Steeve, that makes perfect sense... if it's not an investment property, but if we document it as an investment property per Ashish's tax savings suggestion, would we still go the LLC and operating agreement route and avoid the word "syndication"? I guess, setting up a "trust" might be the answer?

Either way, talking to an RE attorney seems like a smart strategy.

Here's another question, which I should have asked as part of my first query (and maybe should post it as a new forum entry): 

Can we get conventional financing with this "investment trust" and put down 20-25%? Asked another way: What kind of partnership entity would be the best to get conventional financing?

And if we cannot get conventional financing, could we get some other kind of financing? 

Thank you

Just do a JV.

@Lane Kawaoka What do you mean by joint venture? How the partnership is set up?

@Paul OBryan

To start, I second @Steeve Breton 's advice: forget the word "syndication" - it's not applicable to what you're planning.

You need a legal structure for multiple people pulling their resources for a project. It's either a partnership or a JV. They're similar, but they have distinctions that should be explained by a lawyer, and I'm not one.

Which one of them is easier for financing is a question for - you guessed it - a lender, and I'm not one, either.

For tax purposes, partnerships and JVs are the same: a partnership.

A partnership may choose a different form of taxation, such as an S-corporation, for some specific tax benefits down the road, as @Ashish Acharya referred to. I feel that it is too early to consider that. Once you cross that bridge - i.e. ready to start development - then you should discuss creating a separate entity for that and maybe, as Ashish suggested, make it an S-corporation.

For now, it should be either a partnership or a JV - depending on an attorney's recommendation and partially on a lender's input. An attorney may add an extra layer of a trust in your setup if they feel it is warranted.

A very important warning, based on my 20 years of seeing these types of arrangements: investors tend to take shortcuts in setting up these deals. After all, we're friends, and if something happens - we will figure it out. But when stuff hits the fan, it is too late. I know many people who ended up regretting not thinking through various "what-if" scenarios upfront and documenting them. Think prenuptial agreements - basically the same concept. Leave it to chance only when you do not mind losing everything if things go wrong.

@Michael Plaks  

Michael, thank you for your reply. Talk to an attorney and lender, and don't cut corners--excellent advice. Much appreciated.

@Paul OBryan You've received good recommendations from @Steeve Breton and @Ashish Acharya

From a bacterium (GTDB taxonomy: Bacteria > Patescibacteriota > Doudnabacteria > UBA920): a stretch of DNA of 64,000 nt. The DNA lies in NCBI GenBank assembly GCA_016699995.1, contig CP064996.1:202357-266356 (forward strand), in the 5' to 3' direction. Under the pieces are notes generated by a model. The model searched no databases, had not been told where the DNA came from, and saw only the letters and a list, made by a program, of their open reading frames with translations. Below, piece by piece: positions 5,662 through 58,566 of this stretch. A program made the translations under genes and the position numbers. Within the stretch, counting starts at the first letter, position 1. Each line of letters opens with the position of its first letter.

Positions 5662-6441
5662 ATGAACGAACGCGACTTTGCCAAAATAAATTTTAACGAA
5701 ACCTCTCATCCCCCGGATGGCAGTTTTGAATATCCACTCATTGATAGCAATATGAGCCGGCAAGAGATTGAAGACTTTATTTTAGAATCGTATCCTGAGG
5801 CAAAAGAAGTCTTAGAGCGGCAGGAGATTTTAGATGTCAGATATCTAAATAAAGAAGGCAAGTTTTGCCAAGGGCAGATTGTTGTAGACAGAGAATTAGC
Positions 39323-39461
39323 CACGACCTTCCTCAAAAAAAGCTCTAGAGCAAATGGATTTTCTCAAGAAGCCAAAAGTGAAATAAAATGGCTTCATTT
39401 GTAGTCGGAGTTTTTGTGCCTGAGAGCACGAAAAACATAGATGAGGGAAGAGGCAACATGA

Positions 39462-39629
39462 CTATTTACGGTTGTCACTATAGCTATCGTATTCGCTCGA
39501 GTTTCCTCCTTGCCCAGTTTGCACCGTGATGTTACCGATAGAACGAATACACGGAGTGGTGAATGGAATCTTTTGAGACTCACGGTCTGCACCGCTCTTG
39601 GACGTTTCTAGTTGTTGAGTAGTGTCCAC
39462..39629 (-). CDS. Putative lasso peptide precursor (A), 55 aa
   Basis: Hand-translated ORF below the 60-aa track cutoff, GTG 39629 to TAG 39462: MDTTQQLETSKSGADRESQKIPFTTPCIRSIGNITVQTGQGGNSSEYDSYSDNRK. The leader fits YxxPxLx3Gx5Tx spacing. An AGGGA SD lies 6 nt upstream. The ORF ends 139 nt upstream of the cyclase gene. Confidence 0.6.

You don't need anything fancy. You can create a partnership outlining the duties and responsibilities of each partner. I would follow Ashish's advice for tax efficiency. 

You are opening yourself to unnecessary scrutiny anytime you get into complex structures.

Securing financing on raw land is always hard - with or without any structure. The 20-25% down thig doesn't work because it is not throwing off any income (till you develop). 

Your best bet would to be either use private money or start working with specialized lenders. Raw land investment is very risky and most lenders shy away from it.

I second that. From what I understand, financing on raw land at 20-25% equity is almost impossible.

@Paul OBryan To make it easier for you and your friends, you may want to look into "tenancy in common" ownership. This type of ownership allows each owner to leave his share of ownership to his beneficiaries upon death. All investment is  owned equally by the group. One of more of co-tenants may buy out another tenant if they'd like to dissolve tenancy in common at some point later. 

Regardless, which type of ownership you and your friends chose, I think you should always run it by real estate attorney for the best advice.

Best!

@Paul OBryan Seek a real estate attorney to help you and your friends determine the best structure based on your plans. They'll ask a lot of questions that have not yet been asked here. They can explain the differences between going with a JV vs. LLC vs. TIC and pros/cons of each.

I like the LLC b/c TICs can be an issue when one of you wants out, gets divorced, or files bankruptcy. It can put the TIC in jeopardy. Also, financing is often difficult under a TIC with several members (b/c banks know about my first point on TICs).

LLCs also provide liability protection that a JV or TIC will not. If someone gets hurt on the property and sues, I believe you're all jointly liable and they can come after all of your assets. With the LLC your liability is capped at your interest in the LLC.

The downside to the LLC is that you have to file the annual fees/tax, which in some states is only $100 or $200, but in California it's $800!

As you can see, there are so many options.  Please consult with professionals on this.  It will be money well spent.  .... I am not an attorney or CPA and in this case you should probably seek the advice of both.